ZHUHAI, CHINA – China is unleashing stealth drones and pilotless aircraft fitted with AK-47 rifles onto world markets, racing to catch up to U.S. technology and adding to a fleet that has already seen combat action in the Middle East. Combat drones were among the jet fighters, missiles and other military hardware shown off this past week at Airshow China, the country's biggest aerospace industry exhibition. A delta-winged stealth drone received much attention, highlighting China's growing production of sophisticated unmanned aerial vehicles seeking to compete with the U.S. military's massive fleet. The CH-7 -- a charcoal-gray UAV unveiled at the air show -- is as long as a tennis court and has a 22-meter (72-feet) wingspan. It can fly at more than 800 kph (500 mph) and at an altitude of 13,000 meters (42,650 feet).
ZHUHAI, CHINA – A Chinese state-owned company says it is developing a stealth combat drone in the latest sign of the country's growing aerospace prowess. The CH-7 unmanned aerial vehicle also underscores China's growing competitiveness in the expanding global market for drones. China has won sales in the Middle East and elsewhere by offering drones at lower prices and without the political conditions attached by the U.S. The CH-7's chief designer, Shi Wen, says the aircraft can "fly long hours, scout and strike the target when necessary." "Very soon, I believe, in the next one to two years, (we) can see the CH-7 flying in the blue skies, gradually being a practical and usable product in the future," Shi told The Associated Press. Shi said manufacturer Chinese Aerospace Science and Technology Corporation plans to test fly the drone next year and begin mass production by 2022.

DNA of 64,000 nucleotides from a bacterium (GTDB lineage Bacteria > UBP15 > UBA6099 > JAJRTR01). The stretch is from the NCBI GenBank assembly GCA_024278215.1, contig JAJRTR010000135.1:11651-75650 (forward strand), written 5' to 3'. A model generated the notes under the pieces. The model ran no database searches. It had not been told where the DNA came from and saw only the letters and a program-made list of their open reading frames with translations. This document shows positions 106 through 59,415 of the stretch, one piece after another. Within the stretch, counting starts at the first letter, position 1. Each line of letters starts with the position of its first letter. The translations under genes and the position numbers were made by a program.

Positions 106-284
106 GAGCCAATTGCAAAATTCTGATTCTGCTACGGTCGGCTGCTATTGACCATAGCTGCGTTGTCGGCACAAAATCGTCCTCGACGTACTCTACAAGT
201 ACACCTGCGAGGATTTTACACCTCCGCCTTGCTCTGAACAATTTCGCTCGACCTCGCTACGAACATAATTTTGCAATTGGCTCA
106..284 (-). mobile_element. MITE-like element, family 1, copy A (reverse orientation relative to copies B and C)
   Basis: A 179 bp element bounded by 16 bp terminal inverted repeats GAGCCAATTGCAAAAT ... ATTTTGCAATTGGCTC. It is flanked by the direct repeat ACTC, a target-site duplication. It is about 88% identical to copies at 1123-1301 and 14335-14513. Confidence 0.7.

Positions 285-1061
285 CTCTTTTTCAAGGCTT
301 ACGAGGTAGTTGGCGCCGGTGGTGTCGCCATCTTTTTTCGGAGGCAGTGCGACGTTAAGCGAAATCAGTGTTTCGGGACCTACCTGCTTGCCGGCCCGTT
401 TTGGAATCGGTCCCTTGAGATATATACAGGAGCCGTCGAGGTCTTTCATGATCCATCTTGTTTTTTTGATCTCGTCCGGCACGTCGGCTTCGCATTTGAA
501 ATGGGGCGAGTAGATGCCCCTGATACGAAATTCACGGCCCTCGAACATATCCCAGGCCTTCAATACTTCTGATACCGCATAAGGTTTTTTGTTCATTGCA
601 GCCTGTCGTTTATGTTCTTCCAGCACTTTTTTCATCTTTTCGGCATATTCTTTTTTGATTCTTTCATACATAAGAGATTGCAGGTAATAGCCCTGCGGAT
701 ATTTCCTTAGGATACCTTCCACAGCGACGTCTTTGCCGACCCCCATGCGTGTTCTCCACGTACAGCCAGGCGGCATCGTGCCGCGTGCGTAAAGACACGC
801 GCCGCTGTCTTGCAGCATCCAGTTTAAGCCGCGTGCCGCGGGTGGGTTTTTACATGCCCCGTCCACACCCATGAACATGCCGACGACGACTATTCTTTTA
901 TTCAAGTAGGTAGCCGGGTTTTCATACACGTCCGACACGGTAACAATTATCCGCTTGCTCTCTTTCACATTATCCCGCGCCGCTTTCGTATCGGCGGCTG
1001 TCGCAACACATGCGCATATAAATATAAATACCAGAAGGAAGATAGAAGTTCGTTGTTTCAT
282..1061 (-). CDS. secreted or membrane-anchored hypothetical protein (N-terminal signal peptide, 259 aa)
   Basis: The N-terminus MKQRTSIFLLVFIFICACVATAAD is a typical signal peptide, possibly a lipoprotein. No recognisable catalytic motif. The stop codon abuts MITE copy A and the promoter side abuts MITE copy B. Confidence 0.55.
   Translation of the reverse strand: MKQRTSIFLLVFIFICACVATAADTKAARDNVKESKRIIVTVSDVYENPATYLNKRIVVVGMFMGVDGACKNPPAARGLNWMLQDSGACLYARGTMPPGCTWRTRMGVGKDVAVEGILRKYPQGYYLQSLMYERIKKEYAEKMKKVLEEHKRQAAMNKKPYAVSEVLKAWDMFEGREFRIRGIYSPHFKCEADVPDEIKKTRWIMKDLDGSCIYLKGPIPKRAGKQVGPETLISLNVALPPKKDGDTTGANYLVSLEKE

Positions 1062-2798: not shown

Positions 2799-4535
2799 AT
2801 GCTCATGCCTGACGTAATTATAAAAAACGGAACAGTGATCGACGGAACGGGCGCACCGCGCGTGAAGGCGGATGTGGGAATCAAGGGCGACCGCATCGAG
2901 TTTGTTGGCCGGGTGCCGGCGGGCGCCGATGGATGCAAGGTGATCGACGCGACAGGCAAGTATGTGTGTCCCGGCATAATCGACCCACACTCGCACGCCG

The European Space Agency's Mars rover is being constructed in Stevenage with the aim of exploring the Martian surface in 2021. It has a drill to probe up to two metres under the surface of Mars and has instruments on board that can examine the samples it finds. The 300kg robot vehicle is capable of travelling 2cm a second for at least 90 days, but scientists hope it will remain active for as long as the latest American rover Curiosity, which landed in August 2012 and is still exploring. Liz Seward, senior strategist at Airbus Defence and Space in Stevenage, said it was a first for the European space project. "It's part of a big plan called the global expedition road map," she said.